In recent years, children's literature has increasingly been
considered by scholars to be an important field of study. The history of
childhood has also been the subject of intense scholarly interest.
However the relationship between these two fields has not been adequately
This thesis assesses the value of English children's literature for
the period 1760-1830, as a resource for the study of childhood at this
time. Three levels of analysis are considered: children's literature and
its relationship to the Romantic imagery of childhood; the experiences of
childhood as portrayed by children's books; the structure of the children's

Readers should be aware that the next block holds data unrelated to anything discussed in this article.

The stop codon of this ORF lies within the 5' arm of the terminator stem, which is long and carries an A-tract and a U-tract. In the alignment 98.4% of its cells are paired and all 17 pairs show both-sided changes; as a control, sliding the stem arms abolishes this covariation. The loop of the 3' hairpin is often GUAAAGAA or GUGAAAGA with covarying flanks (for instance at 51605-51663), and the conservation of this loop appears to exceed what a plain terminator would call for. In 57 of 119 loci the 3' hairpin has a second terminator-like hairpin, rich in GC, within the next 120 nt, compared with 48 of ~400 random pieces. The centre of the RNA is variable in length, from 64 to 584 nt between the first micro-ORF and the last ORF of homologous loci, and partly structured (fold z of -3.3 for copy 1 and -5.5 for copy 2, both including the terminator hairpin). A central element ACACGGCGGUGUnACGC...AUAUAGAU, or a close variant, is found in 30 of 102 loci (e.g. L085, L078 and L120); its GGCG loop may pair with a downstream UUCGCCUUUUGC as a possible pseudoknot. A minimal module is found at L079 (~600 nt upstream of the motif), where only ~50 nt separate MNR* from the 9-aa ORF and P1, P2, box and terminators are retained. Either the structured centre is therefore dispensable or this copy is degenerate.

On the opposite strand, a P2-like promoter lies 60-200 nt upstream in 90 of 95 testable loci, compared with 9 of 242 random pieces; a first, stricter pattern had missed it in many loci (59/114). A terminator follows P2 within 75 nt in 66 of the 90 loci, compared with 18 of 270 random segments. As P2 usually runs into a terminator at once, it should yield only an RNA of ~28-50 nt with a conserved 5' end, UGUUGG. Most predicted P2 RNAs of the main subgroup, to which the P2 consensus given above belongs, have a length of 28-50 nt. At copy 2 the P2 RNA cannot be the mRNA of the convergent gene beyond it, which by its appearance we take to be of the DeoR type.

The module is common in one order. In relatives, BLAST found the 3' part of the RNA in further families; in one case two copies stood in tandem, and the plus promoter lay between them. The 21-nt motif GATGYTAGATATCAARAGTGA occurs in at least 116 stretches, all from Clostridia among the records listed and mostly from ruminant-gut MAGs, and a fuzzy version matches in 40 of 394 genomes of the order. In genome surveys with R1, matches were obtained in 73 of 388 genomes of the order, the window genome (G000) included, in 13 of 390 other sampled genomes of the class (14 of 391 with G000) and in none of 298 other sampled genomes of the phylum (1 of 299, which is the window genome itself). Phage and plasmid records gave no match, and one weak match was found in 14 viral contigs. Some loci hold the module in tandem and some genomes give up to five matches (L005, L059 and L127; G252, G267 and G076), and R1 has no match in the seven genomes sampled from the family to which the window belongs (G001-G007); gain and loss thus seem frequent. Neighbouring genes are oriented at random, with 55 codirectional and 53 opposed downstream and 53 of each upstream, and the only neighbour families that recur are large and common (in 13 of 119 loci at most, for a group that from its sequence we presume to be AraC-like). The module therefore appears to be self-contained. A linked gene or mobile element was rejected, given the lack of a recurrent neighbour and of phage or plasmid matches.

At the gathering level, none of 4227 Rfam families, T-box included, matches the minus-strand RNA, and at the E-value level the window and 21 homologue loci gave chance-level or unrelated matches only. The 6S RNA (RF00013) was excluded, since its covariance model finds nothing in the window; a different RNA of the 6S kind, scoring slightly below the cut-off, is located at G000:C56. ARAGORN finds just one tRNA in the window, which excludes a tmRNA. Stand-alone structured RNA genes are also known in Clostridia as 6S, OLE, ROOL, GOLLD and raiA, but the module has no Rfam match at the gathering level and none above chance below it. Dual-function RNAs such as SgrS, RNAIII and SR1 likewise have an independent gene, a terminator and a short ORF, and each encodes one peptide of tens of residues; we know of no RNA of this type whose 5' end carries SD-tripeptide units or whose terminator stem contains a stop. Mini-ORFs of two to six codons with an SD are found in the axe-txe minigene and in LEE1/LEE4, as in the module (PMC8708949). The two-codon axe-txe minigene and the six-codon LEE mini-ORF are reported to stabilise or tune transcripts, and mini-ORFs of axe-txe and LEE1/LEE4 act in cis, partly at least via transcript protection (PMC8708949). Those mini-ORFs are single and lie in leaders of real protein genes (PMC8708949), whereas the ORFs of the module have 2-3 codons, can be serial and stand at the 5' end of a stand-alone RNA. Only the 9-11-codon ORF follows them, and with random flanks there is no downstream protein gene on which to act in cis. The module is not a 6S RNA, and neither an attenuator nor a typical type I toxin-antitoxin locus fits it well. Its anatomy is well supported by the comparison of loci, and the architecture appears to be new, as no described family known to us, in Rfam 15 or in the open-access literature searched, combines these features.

book trade, including a study of two significant publishers of children's
books, William Godwin and John Harris.
A broad sample of children's books is surveyed in order to test the
hypothesis that children's literature does offer historians a valuable,
and hitherto neglected, resource.
A Doctoral Thesis. Submitted in partial fulfillment of the requirements for the award of Doctor of Philosophy of Loughborough University.